Friday, April 25, 2008

Here's What To Do

Here's What To Do If Your Dog Displays Submissive Urination
Bhabani wrote to me with her question about her dog and submissive urination:

She wrote: "I have a mixed-breed puppy (German shepherd/border collie mix) which is 4 months old. It's very friendly with people but when it approaches people, it urinates all-over. The same happens when I come home in the evening. It becomes very excited and urinates on the carpet. Is that a submissive behavior? How can I solve this problem?

Dear Bhabani,
Just for peace of mind, have him checked by your veterinarian to make sure the problem is strictly behavioral and isn't medically related. Once you have the results from the tests, you can start from there.

If your dog is otherwise house-trained, it is more likely a submissive behavior. You can help reduce this behavior by increasing your dog's confidence level.

Take the dog out more and socialize, socialize, socialize with other humans.

Agility training is also a great start.
Don't create as much excitement around the dog when he's known to exhibit the behavior. When you come home, ignore him until he's calm enough to greet. Is he kept in a crate while you're gone? This can help you by allowing you to come home and immediately take the dog outside to potty. By staying in the crate, he will be more at loathe to potty in it because dogs have an inhibition to using the same area as a toilet and a den.

The same goes with guests. If a guest comes over, they should ignore the dog and not fuss until he calms down. Do not correct him for urinating. Correcting submissive urination will only make the behavior worse.

About the Author: Adam G. Katz is the author of the book, "Secrets of a Professional Dog Trainer: An Insider's Guide To The Most Jealously Guarded Dog Training Secrets In History." Get a free copy of his report "Games To Play With Your Dog" when you sign up for his free weekly dog training tips e-zine at:


Orthopedic Dog Beds

Orthopedic Dog Beds

Many people consider their dog to be part of their family, and want to ensure his happiness and comfort. As dogs get older, they experience the same problems in their canine bodies as humans do.

Arthritis in older dogs, especially males, is quite common, though sometimes hard to detect since your dog can’t complain about the aches and pains he’s experiencing. He’ll slow down when walking and running, he won’t leap for that dog treat as quickly as he used to, he’ll shorten those evening walks and he simply won’t sleep as well on the same bed he’s been using for years.

There are, however, many ways you can help him. The first step is to consult with your veterinarian, who will probably make adjustments to his diet and perhaps even prescribe some medication to be mixed into his food. Your vet may then suggest that you invest a few dollars and buy him one of many orthopedic dog beds to help him sleep better. The more comfort you can give to your dog with this problem, the more he’ll enjoy his declining years.

Orthopedic dog beds are quite common these days, and even if your veterinarian does not know where you can find one in the town or city where you live, he will likely be able to direct you to a number of mail order companies or websites that specialize in them and be able to help you make the best choice.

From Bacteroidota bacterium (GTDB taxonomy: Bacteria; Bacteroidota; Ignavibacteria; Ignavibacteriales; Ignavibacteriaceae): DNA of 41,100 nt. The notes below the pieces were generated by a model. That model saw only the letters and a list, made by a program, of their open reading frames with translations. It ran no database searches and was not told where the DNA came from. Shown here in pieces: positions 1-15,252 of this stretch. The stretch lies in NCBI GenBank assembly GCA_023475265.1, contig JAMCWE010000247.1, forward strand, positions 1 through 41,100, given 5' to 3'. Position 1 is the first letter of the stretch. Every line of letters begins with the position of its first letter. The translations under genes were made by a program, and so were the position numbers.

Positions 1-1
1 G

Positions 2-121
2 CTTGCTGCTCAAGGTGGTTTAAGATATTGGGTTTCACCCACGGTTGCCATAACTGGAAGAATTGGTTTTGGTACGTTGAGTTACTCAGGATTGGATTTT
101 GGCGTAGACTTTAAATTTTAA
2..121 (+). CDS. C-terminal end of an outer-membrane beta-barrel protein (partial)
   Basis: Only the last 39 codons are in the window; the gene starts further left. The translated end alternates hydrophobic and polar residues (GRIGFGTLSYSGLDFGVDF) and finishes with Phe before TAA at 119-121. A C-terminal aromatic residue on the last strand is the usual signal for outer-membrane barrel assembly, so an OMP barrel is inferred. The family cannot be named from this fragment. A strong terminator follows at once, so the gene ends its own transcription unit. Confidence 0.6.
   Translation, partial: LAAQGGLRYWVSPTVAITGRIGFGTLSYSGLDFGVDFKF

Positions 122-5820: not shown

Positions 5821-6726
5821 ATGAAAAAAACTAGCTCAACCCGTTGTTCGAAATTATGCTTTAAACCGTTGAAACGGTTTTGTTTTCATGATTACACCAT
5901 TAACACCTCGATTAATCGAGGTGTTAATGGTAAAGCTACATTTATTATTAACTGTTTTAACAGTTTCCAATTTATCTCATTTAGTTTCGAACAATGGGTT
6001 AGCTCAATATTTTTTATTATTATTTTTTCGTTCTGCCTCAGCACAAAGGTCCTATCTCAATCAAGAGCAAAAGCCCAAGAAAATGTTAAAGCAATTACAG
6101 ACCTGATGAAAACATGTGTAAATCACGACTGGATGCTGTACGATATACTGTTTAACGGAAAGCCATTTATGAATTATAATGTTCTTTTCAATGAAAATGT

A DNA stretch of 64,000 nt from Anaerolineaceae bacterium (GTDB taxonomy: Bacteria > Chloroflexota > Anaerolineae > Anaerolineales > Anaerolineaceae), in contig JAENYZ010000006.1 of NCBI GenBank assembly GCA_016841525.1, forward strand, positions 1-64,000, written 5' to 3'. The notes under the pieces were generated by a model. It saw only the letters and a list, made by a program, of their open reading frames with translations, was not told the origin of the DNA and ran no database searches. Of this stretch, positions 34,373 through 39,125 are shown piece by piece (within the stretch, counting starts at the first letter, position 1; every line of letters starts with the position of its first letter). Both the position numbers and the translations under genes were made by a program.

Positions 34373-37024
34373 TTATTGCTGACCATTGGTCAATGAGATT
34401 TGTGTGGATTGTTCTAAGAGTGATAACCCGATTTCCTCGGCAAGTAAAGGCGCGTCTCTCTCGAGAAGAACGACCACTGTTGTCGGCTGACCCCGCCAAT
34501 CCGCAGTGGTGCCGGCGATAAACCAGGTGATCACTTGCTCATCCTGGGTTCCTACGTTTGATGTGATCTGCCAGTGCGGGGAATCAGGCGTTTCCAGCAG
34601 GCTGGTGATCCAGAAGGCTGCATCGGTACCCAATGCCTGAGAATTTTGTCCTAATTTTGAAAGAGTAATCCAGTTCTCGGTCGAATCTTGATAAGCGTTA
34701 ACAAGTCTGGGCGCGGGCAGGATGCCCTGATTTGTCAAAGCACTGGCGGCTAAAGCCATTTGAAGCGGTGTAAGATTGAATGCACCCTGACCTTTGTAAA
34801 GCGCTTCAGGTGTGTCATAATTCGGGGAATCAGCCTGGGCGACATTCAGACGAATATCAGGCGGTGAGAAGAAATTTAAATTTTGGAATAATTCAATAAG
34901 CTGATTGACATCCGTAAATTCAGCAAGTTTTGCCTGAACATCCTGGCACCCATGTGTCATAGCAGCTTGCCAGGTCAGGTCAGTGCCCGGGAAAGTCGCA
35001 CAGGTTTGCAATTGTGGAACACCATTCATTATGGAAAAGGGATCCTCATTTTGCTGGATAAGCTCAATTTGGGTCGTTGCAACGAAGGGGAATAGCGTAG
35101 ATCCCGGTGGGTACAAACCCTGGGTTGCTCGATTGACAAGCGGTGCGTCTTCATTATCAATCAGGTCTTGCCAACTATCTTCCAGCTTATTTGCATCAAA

In general, older dogs, those recuperating from surgery or accidents, or handicapped dogs will get the most comfort from some kind of foam bed, since they are firmer and easier to get into and out of. If your dog likes to “nest”, (kneading the fabric of his bed before he lies down), a MiracleLoft-filled bed will be the best for him.

Baffle beds, that is, beds designed with polyfil-filled tubes of fabric sewn together, are also an excellent choice, as they tend to be firmer and to provide more support where the dog needs it most. They are designed to create a non-shifting liner, so the shape of the bed does not change over time and the dog can get into a similar position comfortably and easily each and every night. Quilted foam orthopedic dog beds are probably best for dogs with severe arthritis, as the foam is of a medical grade, created for humans with similar problems, and provides the most support for painful, arthritic joints. Take your dog with you if you’re lucky enough to have an orthopedic dog bed supplier in your area and let him decide. After all, it’s his bed now, isn’t it?

Dog Beds provides detailed information about small and large dog beds, as well as designer, orthopedic, and discount dog beds. For more information go to and/or visit its sister site at for related information.

Top Ten Dog Training Mistakes

Top Ten Dog Training Mistakes

If you are in the process of training your dog or considering it, then you might like to check the following list to ensure that you are not making one of the common mistakes.

1) Giving different words for the same command.

If you want your dog to obey your commands, you must be consistent with the words that you use. For example you may issue the command “Sit” most of the time. It is no good expecting your dog to also sit down when you say “Get down off my favourite chair”

2) Rubbing nose in urine

This has no affect on training a dog. All you are doing is burning is nose. Which is probably something that you don’t want to do.

3) Smacking, hitting and punishing the dog.

Experts dog trainers have shown that this type of human behaviour has no positive effect on a dog,

4) Shouting

This will just confuse the dog. Remember, that the whole point of verbal commands is that you have taught the dog to learn from the sound of your voice to link it to an action that he needs to take.

5) Letting the dog eat at the same time as you.